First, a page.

Why is getting along with other people so complicated? Shows like Seinfeld and Curb Your Enthusiasm have explored this question with hilarious results. But last week Rick Harbaugh of Indiana University came to speak at GMU, and convinced me that economic theory has at least as much insight to offer the socially perplexed.

Harbaugh is a technically sophisticated signaling theorist, but his models begin with Tolstoyan insight into the human condition. Case in point: the paper Harbaugh presented was “False Modesty: When Disclosing Good News Looks Bad” (co-authored with Ted To). Other signaling theorists have assumed that if you can brag about yourself, you will. But in fact, inappropriate (but TRUE) bragging often lowers one’s social standing:

If you have good news should you disclose it? The standard answer is yes because otherwise people will skeptically assume that you have nothing favorable to report… [T]alented students are often reluctant to brag about their grades, highly educated people do not always list their degrees, donors sometimes make anonymous donations, overachievers often engage in understatement, advertisers of high quality products frequently use a “soft sell” approach, and people accused of an offense sometimes withhold mitigating information rather than “protest too much” or “make excuses.”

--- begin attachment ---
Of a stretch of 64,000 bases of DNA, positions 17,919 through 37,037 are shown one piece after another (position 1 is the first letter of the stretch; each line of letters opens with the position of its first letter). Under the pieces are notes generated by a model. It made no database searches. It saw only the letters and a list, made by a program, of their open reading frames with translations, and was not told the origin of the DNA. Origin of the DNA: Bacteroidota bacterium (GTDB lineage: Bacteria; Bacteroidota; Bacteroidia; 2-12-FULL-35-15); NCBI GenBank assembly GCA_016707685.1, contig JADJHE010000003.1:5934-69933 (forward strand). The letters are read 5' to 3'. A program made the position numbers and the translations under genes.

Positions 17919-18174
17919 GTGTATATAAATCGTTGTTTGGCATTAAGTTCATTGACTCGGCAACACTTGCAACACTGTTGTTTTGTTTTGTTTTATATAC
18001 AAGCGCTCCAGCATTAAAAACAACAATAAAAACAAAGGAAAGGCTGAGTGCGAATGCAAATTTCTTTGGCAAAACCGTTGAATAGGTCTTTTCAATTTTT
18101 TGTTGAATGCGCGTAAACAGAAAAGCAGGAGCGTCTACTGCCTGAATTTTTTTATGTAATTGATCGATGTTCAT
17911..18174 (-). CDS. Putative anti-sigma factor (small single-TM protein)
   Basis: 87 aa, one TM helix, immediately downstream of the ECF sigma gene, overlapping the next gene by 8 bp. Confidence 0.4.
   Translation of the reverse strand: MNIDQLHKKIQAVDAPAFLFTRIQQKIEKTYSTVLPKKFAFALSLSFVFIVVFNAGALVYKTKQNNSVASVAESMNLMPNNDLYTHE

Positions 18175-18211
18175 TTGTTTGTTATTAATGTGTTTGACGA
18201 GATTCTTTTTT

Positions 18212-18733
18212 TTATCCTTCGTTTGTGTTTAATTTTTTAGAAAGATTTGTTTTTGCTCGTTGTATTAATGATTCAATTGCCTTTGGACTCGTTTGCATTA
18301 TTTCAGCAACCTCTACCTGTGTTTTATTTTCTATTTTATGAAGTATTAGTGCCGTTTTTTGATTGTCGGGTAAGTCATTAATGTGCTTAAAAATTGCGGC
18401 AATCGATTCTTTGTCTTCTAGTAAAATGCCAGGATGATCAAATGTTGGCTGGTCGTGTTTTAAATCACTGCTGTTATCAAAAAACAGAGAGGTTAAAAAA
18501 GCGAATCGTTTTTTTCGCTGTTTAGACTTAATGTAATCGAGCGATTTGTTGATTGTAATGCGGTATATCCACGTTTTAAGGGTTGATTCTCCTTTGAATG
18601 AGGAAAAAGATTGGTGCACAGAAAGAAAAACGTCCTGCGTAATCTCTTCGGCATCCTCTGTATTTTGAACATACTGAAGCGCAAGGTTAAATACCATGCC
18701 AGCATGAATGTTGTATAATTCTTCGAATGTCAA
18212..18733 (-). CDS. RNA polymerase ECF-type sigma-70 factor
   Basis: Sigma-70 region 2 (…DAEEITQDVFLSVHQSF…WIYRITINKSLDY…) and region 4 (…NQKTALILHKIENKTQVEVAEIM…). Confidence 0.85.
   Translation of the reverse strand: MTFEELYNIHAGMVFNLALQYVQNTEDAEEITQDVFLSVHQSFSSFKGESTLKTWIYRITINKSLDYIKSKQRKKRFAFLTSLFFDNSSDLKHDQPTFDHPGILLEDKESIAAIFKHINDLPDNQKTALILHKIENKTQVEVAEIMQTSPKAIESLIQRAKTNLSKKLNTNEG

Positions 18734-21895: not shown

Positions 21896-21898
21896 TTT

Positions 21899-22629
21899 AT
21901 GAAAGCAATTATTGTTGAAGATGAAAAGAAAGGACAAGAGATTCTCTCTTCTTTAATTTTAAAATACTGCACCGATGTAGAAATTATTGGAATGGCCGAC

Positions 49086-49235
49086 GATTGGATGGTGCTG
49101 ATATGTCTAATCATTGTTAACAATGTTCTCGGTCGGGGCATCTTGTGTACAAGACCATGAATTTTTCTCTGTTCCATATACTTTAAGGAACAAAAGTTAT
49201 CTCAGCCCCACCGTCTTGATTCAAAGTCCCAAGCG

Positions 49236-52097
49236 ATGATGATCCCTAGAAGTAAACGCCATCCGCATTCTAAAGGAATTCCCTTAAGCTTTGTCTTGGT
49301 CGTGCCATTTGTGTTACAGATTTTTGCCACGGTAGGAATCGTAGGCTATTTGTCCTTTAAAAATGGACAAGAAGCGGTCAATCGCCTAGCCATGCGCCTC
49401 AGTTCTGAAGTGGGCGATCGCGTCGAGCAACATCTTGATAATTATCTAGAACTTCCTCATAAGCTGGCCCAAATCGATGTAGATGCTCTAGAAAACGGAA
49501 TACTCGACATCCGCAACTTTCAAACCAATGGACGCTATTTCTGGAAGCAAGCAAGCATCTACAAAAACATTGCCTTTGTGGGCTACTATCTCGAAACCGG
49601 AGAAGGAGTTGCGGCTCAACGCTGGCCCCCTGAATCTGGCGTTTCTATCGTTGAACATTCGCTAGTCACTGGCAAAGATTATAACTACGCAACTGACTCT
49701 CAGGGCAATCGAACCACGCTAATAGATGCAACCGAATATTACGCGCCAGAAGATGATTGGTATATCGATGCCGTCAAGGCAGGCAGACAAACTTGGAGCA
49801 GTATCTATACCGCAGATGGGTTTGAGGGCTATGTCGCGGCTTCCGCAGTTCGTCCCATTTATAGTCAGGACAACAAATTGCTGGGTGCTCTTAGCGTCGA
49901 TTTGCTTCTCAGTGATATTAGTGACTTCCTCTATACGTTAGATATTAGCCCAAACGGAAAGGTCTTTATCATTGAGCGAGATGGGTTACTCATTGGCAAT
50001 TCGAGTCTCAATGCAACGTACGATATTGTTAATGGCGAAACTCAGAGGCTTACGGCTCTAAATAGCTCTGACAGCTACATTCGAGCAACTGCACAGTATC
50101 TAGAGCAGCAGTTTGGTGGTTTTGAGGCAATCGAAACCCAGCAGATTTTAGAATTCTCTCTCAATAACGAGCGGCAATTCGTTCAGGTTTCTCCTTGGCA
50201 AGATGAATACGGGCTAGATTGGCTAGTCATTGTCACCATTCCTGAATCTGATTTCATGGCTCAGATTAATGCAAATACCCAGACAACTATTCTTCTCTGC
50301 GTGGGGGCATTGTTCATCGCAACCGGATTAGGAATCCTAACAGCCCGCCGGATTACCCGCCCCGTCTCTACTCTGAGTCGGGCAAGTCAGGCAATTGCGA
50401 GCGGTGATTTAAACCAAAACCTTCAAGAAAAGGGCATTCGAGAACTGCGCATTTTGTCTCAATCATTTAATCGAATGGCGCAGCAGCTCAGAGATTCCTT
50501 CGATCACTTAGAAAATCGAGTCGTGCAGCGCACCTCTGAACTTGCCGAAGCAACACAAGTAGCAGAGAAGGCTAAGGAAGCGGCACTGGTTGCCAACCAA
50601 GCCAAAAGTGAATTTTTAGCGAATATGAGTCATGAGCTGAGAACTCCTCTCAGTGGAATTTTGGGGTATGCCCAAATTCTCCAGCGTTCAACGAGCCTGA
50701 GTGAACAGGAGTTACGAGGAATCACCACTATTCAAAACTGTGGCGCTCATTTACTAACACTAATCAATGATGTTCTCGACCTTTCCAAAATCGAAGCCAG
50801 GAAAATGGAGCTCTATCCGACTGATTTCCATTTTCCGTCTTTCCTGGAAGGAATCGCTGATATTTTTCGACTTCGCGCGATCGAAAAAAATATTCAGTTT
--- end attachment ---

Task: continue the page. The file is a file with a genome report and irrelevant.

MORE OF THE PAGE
The paper then explains with great clarity what assumptions you need to make this story fly. It’s beautiful.

In another paper, Harbaugh turns prospect theory on its head. The key building block of the paper: “skill signaling.” Harbaugh explains:

Most risky decisions involve both skill and chance. Success is therefore doubly fortunate in that it brings both material gain and an enhanced reputation for skill, while failure is doubly unfortunate… For instance, the manager of a successful project wins the confidence of superiors to oversee more projects, while the manager of a failed project is viewed as incompetent and loses future opportunities… [A]n investor who picks a successful stock enjoys the esteem of friends and family, while an investor who chooses poorly looks like a foolish loser.

We’ve all been there.

Bottom line: Harbaugh’s the first high-level theorist in years that made me see the social world in a new light. Unless economic theorists want Levitt-style empiricists to confine them to an irrelevant ghetto of economics, they’re going to need to read between the lines of Harbaugh’s research program and learn his underlying moral: Theorists should draw their inspiration from life, not from “the literature.”

P.S. Still craving more Harbaugh? Check out “Too Cool for School.”